Interview for Working with Custom Tags
"Working with Custom Tags" interview with Raymond Camden
Michael Smith: This time we are talking with Raymond Camden about his CFUNITED-
05 talk "Working with Custom Tags". So why should a developer come to your
Raymond Camden: If you are a beginner in the world of ColdFusion, you have
already discovered how easy CFML is to work with. After mastering the basic
syntax, one of main ways you can help improve your code is to work on
reusability. Custom tags are one of the many ways you can package and reuse code
in ColdFusion. This session is targetted to the BEGINNER developer who has not
yet worked with custom tags.
MS: Why does reusability improve code?
RC: Reusability simply means to reuse what you have done before. It saves time:
This is a bit obvious, but if you spend a week building an interface to an
ecommerce system and can use it again - you have just saved a week of time. It
also makes your code stronger. If that ecommerce code has a bug in it and 10
applications use it - you can fix it for all 10 applications by simply fixing it
in one place.
MS: That is cool! But doesn't it take a lot longer to write the code to be
reuseable in the first place?
RC: I wouldn't say a lot longer. It certainly does take more time to write
encapsulated code, however that time is more than made up later on when you can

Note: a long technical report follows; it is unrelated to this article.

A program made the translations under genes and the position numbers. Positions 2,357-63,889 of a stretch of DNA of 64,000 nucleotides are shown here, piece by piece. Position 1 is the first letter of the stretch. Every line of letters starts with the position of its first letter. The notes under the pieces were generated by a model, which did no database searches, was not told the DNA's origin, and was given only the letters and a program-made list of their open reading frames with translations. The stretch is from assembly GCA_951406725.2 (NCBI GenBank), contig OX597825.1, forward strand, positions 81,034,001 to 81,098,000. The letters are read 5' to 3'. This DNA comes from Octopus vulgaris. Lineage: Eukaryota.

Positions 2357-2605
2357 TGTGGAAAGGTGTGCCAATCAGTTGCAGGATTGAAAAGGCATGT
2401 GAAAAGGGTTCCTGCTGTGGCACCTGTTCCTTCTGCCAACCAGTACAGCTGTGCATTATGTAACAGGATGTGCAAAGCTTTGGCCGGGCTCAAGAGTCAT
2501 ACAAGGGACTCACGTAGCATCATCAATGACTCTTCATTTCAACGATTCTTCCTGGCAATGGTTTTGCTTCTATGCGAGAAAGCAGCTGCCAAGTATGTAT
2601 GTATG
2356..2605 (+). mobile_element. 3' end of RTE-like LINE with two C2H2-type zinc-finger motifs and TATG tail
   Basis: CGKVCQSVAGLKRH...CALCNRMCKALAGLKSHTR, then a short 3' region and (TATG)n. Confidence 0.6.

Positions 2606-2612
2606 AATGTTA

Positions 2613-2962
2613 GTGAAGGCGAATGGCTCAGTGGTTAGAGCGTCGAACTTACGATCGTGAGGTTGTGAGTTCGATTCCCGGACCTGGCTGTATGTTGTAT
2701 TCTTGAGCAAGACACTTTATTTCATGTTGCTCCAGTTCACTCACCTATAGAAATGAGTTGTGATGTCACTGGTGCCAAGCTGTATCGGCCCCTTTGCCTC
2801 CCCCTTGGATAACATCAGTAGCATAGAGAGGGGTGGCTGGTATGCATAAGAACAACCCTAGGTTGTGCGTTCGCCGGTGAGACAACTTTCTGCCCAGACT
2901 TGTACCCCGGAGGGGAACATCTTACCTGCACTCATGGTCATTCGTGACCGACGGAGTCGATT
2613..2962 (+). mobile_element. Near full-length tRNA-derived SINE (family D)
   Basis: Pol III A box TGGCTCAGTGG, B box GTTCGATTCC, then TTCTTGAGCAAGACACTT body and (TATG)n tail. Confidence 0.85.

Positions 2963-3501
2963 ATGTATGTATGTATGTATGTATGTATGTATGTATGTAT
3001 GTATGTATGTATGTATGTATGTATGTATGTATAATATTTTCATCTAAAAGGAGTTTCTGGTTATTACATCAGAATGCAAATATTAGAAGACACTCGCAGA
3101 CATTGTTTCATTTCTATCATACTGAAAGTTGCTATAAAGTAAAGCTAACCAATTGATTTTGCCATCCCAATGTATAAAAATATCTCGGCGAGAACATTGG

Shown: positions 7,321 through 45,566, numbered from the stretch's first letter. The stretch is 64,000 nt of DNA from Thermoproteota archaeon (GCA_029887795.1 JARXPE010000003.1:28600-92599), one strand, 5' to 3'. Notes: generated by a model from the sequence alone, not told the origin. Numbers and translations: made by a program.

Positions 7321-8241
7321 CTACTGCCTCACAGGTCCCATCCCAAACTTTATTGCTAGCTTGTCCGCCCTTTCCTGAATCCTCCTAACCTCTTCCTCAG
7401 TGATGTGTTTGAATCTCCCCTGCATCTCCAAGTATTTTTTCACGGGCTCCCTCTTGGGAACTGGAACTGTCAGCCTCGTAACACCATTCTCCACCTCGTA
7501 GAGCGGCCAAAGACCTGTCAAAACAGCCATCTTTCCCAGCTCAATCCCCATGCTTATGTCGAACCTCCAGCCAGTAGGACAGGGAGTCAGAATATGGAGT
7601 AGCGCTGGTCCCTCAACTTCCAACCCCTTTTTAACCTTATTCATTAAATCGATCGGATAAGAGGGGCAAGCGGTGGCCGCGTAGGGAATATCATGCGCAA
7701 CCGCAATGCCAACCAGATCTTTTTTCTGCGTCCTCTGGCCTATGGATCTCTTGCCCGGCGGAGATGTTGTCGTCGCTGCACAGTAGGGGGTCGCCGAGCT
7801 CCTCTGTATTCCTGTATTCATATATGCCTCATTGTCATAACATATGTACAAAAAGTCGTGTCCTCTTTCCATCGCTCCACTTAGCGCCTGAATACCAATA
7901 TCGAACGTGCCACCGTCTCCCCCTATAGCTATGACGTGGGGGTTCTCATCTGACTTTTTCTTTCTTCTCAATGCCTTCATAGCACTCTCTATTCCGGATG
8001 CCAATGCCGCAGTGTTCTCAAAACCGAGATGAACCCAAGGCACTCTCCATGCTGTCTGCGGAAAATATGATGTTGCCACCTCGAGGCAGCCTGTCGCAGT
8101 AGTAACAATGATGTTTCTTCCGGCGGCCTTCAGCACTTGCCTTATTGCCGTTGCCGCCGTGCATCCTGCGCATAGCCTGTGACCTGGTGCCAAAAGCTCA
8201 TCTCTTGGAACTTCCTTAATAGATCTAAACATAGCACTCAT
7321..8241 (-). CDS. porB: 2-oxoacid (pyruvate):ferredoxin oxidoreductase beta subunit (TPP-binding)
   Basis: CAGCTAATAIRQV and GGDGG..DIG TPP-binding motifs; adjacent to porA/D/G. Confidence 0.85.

reuse the code you wrote. I also find that the extra time allows me to take a
closer look at what I'm doing. Say I'm writing a custom tag to handle tax. Not
only am I going to take the time to make it reusuable, I'm going to make sure my
math/logic/etc is correct. Typically the code you should be reusing is the code
that is somewhat important, so the extra time is definitely a good thing.
MS: So are there many new tags you have to learn to write custom tags?
RC: Technically the answer is no. Custom tags are built with simple CFML. There
are a few functions that relate to more advanced uses of custom tags. Again
though - the simple answer is that you don't have to use any special tags to
work with custom tags.
MS: So a new developer can create a custom tag immediately, no learning curve?
What do you have to do?
*RC: I'm not sure I'd say a "new" developer per se - but someone who has at
least basic CFML experience. So, sure, a new developer can use these tags, but
they should at least know a bit of CFML.
MS: What about more advanced developers - can you pass parameters back and forth
to a custom tag?
RC: Yes. A custom tag ends up being like any other built in tag. They can take
arguments, and they can pass results back. We will discuss the "API" for doing
this (trust me, it is simple) as well as some best practices.
MS: So that means you can totally extend the ColdFusion tag language with your
own tags and they will look the same as the build in tags to other programmers?
RC: That's right
MS: Are there any difference between custom tags and built in tags then?
*RC:* Well, some of the tags that are 'built-in' are actually written in CFML,
and you can mimic that functionality, but it isn't supported so I don't
recommend it. As for differences - not really. Custom tags allow for required
and optional arguments - just as built-in tags do.
MS: Can you overwrite built in tags with your own tag definitions - if for
example you don't like how a certain tag works?
RC: Not by any normal means. As we all know, there are things you can do with CF
that aren't exactly by the book.
MS: Hmm, interesting. I will look forward to your talk